In today's world, users are accustomed to having results personalized for them without having to do any work. If you login to your favorite store, e.g. Amazon, you'll get a list of recommended products. Google will provide you location-based searches. Your video streaming services, banking, big box stores, even your potential online dates all have incorporated location-based way-finding. Sometimes, you aren't even aware that you are being directed by location. 


Let's be honest, I don't really like the Quicktabs module. It's not that I don't think it's useful, it's just that users can do some pretty gnarly stuff with it that causes issues, like a ton of PHP notices being thrown into logging. 


Whenever I hear the word batch, I think of a nice, delicious batch of homemade cookies, and while the Drupal Batch API might not taste as good, understanding how to use it is an essential part of every Drupal developer's toolkit. 


In my last post in this series, I started going down the theming rabbit hole for Backdrop. A lot of that was very similar to my experience with Drupal 7 (D7), but separating the regions from the theme files was a really nice addition.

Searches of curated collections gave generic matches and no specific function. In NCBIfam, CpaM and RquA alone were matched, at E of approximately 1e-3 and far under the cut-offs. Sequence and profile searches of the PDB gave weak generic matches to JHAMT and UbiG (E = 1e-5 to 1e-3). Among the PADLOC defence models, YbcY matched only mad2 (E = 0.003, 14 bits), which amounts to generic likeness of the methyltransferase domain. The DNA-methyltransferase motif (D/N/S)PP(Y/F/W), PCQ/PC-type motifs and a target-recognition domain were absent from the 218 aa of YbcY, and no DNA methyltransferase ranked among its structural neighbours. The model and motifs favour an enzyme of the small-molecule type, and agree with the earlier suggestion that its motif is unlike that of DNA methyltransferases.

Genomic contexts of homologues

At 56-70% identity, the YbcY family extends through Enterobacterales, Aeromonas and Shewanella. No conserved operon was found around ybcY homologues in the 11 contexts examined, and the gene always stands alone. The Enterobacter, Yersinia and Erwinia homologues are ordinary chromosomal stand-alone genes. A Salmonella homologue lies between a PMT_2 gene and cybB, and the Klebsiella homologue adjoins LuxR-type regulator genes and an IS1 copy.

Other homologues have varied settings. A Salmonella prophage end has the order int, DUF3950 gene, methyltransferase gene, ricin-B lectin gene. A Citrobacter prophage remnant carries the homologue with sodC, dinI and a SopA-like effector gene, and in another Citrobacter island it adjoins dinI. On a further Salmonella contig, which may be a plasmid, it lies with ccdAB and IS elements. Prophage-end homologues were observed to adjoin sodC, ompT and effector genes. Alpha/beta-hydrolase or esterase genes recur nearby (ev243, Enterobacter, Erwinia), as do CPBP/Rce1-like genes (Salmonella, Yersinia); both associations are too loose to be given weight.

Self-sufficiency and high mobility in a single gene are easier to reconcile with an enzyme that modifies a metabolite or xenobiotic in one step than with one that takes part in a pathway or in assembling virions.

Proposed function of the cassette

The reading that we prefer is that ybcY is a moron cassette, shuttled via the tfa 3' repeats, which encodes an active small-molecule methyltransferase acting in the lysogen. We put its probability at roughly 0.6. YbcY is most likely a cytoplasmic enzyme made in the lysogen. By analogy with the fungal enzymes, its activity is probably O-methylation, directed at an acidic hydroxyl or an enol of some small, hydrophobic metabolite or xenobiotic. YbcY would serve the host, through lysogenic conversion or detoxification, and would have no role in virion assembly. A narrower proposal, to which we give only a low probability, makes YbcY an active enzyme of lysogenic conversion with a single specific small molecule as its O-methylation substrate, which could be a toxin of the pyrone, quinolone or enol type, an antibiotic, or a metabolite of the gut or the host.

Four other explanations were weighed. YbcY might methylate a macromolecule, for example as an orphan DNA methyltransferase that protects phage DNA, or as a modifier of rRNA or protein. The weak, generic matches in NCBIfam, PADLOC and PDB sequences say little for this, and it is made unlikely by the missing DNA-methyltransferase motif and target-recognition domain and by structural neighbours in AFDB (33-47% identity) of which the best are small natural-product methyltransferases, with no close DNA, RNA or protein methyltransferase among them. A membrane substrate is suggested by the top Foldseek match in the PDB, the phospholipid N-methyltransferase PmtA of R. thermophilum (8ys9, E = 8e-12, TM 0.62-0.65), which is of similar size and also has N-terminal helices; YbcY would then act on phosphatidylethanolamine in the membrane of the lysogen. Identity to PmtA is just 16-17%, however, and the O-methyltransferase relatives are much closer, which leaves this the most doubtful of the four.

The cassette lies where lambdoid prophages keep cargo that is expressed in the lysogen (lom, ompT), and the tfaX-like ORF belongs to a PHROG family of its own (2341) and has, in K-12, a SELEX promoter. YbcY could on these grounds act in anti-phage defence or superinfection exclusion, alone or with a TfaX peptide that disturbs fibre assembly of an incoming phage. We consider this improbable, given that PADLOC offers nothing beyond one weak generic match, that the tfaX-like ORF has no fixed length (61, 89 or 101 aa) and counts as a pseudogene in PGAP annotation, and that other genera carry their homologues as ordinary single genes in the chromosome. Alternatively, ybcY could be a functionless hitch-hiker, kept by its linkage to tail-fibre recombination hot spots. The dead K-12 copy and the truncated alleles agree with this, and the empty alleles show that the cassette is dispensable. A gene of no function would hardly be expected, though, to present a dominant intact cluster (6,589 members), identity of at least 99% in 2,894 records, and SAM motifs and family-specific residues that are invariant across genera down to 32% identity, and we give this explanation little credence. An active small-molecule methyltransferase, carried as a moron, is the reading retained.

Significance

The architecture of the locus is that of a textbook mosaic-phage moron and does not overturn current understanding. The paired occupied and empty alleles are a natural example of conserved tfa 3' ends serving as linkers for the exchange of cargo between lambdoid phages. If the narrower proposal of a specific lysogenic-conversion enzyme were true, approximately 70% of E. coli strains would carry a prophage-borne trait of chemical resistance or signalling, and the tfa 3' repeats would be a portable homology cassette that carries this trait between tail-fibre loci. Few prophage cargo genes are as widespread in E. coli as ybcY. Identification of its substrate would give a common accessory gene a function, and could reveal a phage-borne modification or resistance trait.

Now, we are going to dive into more of a back-end-related discussion. To do so, we'll be converting the XML Sitemap module to be able to run on Backdrop. It was the most popular module I could see, other than CTools, that hadn't been ported to Backdrop. Since it has no dependencies, I thought it would be good for me to start on this one. 


In my last post in this series, I went over my motivations for exploring Backdrop and a few of the differences between it and Drupal 7 (D7). In this post, I'll actually go over setting up Backdrop and pushing code up to a server. 


In my last post in this series, I went over setting up Backdrop on Pantheon and in a local environment. After I setup a Drupal site, or now Backdrop site, I usually head straight into the theme section. I've never actually left a site in Bartik that I can remember so I always begin the process of creating a sub-theme. 


I think I first heard about Backdrop CMS from the Weekly Drop. As many Drupal developers do, I have a Wednesday ritual of pausing and surfing through the weekly headlines over a cup of coffee. Usually, I save a few articles for reading later, but on this particular Wednesday what do I see but...whoa, a fork?